Census years 1850, 1860, 1870, and 1880 included information about individuals who died within the 12-month period before the census-taking. These lists are known as “Mortality Schedules” and may be the only record of death for some individuals. Many states did not require death records until the late nineteenth century. In addition, gravestones or cemetery records may be nonexistent.
The 1860 mortality schedules include persons who died between June 1, 1859 and May 31, 1860. For each person, the following information is listed: name, age, sex, marital status if married or widowed, state or country of birth, month of death, occupation, cause of death, and the length of the final illness.
Two of our Irish family matriarchs – Honora Quinn and Margaret Hickey, widowed women in their 70s – immigrated to Minnesota with their adult children and are reflected in the 1857 Territorial Census, but they are not shown in the 1860 census. I haven’t found any death record for either woman.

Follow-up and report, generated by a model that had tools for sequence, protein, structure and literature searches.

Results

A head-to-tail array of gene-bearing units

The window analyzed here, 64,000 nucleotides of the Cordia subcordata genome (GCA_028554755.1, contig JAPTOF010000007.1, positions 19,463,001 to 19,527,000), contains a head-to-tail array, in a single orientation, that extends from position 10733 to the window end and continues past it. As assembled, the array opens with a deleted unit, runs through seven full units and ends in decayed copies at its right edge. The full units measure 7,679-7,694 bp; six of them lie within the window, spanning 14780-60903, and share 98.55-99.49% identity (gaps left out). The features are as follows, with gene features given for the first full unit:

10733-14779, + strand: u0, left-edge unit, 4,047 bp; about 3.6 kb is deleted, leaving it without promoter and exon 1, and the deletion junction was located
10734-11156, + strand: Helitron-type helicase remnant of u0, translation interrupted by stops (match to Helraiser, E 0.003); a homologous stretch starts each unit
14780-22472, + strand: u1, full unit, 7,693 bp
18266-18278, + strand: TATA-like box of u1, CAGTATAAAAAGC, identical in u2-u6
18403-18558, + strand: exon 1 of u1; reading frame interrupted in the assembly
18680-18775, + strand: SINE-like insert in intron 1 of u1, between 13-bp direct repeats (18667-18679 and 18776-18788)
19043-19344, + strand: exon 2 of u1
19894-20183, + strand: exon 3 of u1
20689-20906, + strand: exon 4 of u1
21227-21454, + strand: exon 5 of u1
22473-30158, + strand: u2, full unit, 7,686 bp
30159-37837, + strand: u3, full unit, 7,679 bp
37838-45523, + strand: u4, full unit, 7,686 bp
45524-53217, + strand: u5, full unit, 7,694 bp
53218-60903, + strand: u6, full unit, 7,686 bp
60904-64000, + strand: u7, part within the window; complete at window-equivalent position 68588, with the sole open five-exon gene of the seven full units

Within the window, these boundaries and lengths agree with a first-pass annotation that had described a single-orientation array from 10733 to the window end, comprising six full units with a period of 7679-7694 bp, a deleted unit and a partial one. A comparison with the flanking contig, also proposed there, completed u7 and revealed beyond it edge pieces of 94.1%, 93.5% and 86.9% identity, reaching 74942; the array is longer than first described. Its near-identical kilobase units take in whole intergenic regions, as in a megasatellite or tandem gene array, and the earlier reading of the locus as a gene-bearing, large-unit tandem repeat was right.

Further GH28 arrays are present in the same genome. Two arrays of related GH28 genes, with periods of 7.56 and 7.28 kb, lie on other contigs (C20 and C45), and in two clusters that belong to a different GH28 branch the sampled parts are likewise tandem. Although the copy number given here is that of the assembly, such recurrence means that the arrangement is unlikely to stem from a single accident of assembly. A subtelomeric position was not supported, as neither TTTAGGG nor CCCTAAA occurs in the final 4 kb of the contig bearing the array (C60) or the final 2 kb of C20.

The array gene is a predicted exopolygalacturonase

I recently browsed the 1860 mortality schedules for Minnesota, hoping I’d find (Quinn or Hickey) names that had been overlooked in the transcribing. Unfortunately that didn’t happen, but it was a valuable experience nonetheless.
As expected, many of the deceased individuals on the mortality schedule were children. Cholera, consumption and typhoid fever were principal causes of death for adults. There were also accidents and occasional violent deaths.
I was side-tracked by an entry for Anne Bilansky, age 40 and born in Pennsylvania. In March 1860 in Ramsey County, she was hung for the murder of her husband. A Find-a-Grave item indicated her date of death was 23 March 1860. I made additional queries but found no more details about her deceased husband or the crime.
Oddly a MN marriage record (FHL film # 1314545) popped up on Ancestry.com. A woman named Ann Bilansky married Joseph Fronelle/Fronelte in Ramsey County. The record was apparently transcribed twice, one marriage dated 28 March 1860 and one dated 28 March 1861. The woman who murdered her husband was already buried in Calvary Cemetery! Could there be two women in 1860 Ramsey County named Anne/Ann Bilansky?
Oh how I wish I knew the rest of the story!